Sous-vide won’t be as important as electric rice cookers in future kitchens.

The Real Kitchen of the Future Won’t Involve Sous-Vide

The Real Kitchen of the Future Won’t Involve Sous-Vide

The citizen’s guide to the future.
June 22 2012 8:45 AM

The Real Kitchen of the Future Won’t Involve Sous-Vide

You already own the most important cooking tools of tomorrow (plus maybe an electric rice cooker).

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I’m not saying that nothing will ever change in the way the world cooks. Refrigerators, which over the past 100 years have taken over from stoves as the single focal point around which kitchens are designed, look set to become ever more avant-garde. We’ve already seen smart fridges, with touch screens offering weather reports and Twitter feeds as you get yourself a glass of ice water. Now researchers at the University of Central Lancashire in the United Kingdom are working on the concept of a self-cleaning refrigerator that would scan the shelves and move products that needed to be eaten to the front.

Arguably, however, the two most important kitchen devices of the future will be rather more basic and familiar: the microwave and the rice cooker. The reason for both is China. The most significant creation of the postwar “made in Japan” electronics boom was not the Walkman or the video recorder but the electric rice cooker, which changed life in millions of households in Japan, Korea, and Hong Kong. Previously, the whole evening had been tied up by the need to produce steamed sticky white rice, which needed careful washing, soaking, and cooking in an earthenware pot. Now, the same rice could be produced with the flick of a switch. Rice cooker sales continue to gallop apace in mainland China, where in remote peasant kitchens, a rice cooker, once acquired, may be the only stove. If the rice cooker industry could find a way to go mass-market in India as well as China, then it truly would be the dominant kitchen gadget of the future, but thus far rice cookers have not been so effective for cooking the fluffy long-grain rice of India and Pakistan.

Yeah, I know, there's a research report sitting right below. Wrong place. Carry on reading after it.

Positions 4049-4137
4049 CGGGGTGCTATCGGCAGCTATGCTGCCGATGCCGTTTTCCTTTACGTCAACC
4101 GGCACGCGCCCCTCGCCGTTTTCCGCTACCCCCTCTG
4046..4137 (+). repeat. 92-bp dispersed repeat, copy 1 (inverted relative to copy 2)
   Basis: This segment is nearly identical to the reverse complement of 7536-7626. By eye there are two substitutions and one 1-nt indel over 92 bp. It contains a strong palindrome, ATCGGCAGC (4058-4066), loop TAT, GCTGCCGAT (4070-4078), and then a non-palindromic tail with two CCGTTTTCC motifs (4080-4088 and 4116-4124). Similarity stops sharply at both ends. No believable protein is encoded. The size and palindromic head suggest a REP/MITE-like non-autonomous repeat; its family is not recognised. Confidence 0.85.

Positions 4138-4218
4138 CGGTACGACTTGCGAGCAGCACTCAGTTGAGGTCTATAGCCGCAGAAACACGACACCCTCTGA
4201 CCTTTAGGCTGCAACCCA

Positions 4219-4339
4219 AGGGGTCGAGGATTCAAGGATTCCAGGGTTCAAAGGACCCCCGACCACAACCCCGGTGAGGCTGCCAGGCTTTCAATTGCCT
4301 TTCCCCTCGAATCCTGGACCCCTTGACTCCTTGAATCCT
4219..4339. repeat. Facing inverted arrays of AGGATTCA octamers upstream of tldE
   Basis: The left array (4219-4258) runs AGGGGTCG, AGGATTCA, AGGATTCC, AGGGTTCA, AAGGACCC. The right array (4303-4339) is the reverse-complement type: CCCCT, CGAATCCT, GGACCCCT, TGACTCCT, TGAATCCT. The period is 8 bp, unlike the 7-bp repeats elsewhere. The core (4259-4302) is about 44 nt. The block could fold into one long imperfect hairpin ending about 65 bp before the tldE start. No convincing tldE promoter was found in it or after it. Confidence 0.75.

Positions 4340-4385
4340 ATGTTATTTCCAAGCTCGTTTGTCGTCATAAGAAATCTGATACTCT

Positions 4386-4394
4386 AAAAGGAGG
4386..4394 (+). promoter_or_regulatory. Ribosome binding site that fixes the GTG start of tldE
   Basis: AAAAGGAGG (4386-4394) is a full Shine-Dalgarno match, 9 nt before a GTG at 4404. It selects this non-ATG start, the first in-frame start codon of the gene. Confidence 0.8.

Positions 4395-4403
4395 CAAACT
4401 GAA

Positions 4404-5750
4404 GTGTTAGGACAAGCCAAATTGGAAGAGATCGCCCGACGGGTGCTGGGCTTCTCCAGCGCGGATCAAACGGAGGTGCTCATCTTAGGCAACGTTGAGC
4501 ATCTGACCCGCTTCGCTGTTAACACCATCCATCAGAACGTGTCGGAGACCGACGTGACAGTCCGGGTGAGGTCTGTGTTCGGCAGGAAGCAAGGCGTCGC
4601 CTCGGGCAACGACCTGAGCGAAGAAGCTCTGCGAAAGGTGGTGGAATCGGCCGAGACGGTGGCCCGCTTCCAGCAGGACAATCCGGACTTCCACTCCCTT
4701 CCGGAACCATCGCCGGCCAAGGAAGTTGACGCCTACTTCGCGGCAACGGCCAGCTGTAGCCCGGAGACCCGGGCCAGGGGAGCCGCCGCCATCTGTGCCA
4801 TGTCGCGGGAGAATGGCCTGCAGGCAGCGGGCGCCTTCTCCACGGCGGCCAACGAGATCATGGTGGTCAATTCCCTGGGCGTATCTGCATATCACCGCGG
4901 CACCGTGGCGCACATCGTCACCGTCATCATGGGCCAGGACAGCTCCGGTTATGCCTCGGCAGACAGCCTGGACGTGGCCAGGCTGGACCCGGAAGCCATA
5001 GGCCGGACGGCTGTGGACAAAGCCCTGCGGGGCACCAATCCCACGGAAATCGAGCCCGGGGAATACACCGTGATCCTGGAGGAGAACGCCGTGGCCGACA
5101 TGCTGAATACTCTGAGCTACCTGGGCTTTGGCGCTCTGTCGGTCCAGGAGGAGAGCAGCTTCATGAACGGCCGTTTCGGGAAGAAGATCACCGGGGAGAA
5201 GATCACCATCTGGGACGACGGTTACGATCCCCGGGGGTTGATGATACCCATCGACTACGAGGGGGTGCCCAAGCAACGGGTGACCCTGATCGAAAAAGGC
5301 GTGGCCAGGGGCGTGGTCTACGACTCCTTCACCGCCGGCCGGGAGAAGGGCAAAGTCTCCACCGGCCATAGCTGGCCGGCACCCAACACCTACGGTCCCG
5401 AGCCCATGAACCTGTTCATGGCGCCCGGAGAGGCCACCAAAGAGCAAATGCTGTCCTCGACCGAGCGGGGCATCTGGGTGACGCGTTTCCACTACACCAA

Another technology that China has embraced is the microwave, which can seem like a dated ’80s relic in the West. In addition to making most of the world’s microwave ovens, China now buys them, too, in ever greater numbers. In the early 1990s, Galanz, a leading manufacturer, was selling just a few hundred thousand units a year in China. By 2000, they were selling 7 million, and production continues to grow, helped by special models aimed at the Chinese market designed to function more like traditional steamers.


The microwave turns out to be a surprisingly good fit with Chinese cuisine, used for steaming fish or bean curd as well as reheating family meals. And yet, for all of its inroads, the microwave cannot displace the more fundamental tools of Chinese cooking. The bedrock of every Chinese meal remains the tou, the cleaver-like knife that has been in continuous use since the Zhou dynasty (1045-256 B.C.), and which looks set to stay at the heart of Chinese cooking in the future, too.

My prediction? In the future, if there is a future, we will slice ingredients with knives, cook them in pots over heat, stir them with spoons … and eat them with our mouths.

Also in the special issue on food: five “food frontiers," including technologies to make diet food tastier and fight salmonella; small-scale farmers decide whether to embrace automated agricultural equipment; the United States and Europe switch perspectives on GMOs; celebrating the inevitable decline of the cookbook; and the case for bringing back home ec. This project arises from Future Tense, a joint partnership of Slate, the New America Foundation, and Arizona State University.